The ease with which firms can substitute away from energy to other inputs is an important determining factor in the costs of climate change mitigation policies. Climate policy simulation models usually represent this substitutability by using the Constant Elasticity of Substitution (CES) function with parameter values often taken from econometric studies. Hence, the accuracy of the estimated substitution parameters has a strong influence on the validity of the climate policy simulation. In this article, we attempt to replicate the results presented in a widely cited article in this field: Kemfert (1998) (‘Estimated substitution elasticities of a nested CES production function approach for Germany’, Energy Economics, 20, 249–264). We first use the data and software reported in that article and compare our results with those reported in the original study. We then test the same data and a new, more recent, data set on German industrial data with an improved econometric approach. Despite applying various approaches and modifications, we are not able to replicate the results in Kemfert (1998). We furthermore conclude that the data sets that are typically used to estimate nested CES functions often have too few observations and too little independent variation of the explanatory variables to obtain reliable estimates when using a direct non-linear approach.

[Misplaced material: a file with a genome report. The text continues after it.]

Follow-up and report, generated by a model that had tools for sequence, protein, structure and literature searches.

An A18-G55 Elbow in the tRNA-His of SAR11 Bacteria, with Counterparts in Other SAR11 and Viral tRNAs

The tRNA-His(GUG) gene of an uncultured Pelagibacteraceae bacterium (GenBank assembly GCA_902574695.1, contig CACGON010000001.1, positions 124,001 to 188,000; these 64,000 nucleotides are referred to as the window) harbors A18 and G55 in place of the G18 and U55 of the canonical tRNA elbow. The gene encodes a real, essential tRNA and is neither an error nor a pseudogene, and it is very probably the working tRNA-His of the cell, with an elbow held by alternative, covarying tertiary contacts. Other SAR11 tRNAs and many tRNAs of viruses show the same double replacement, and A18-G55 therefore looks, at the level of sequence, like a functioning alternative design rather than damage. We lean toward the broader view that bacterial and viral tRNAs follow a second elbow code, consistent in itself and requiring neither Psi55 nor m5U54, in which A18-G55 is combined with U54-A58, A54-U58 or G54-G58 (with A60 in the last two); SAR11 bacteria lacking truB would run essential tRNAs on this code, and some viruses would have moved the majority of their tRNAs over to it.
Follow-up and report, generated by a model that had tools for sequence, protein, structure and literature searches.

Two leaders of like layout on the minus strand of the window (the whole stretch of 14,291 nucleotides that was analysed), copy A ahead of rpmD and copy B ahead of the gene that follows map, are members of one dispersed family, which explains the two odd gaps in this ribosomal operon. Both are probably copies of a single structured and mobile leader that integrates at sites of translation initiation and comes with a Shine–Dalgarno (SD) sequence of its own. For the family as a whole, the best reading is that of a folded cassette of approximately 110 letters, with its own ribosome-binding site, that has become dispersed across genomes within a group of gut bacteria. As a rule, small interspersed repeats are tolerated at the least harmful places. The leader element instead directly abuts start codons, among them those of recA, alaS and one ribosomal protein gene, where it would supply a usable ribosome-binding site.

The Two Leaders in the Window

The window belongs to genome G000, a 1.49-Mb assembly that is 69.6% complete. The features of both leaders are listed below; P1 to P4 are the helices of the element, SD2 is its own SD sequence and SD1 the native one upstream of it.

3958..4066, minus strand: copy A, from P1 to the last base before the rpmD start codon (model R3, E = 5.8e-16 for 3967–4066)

- Replication study
- Elasticity of substitution
- Climate policy
Henningsen, A., Henningsen, G., & van der Werf, E. (2019). Capital-labour-energy substitution in a nested CES framework: A replication and update of Kemfert (1998). Energy Economics, 82, 16-25. https://doi.org/10.1016/j.eneco.2017.12.019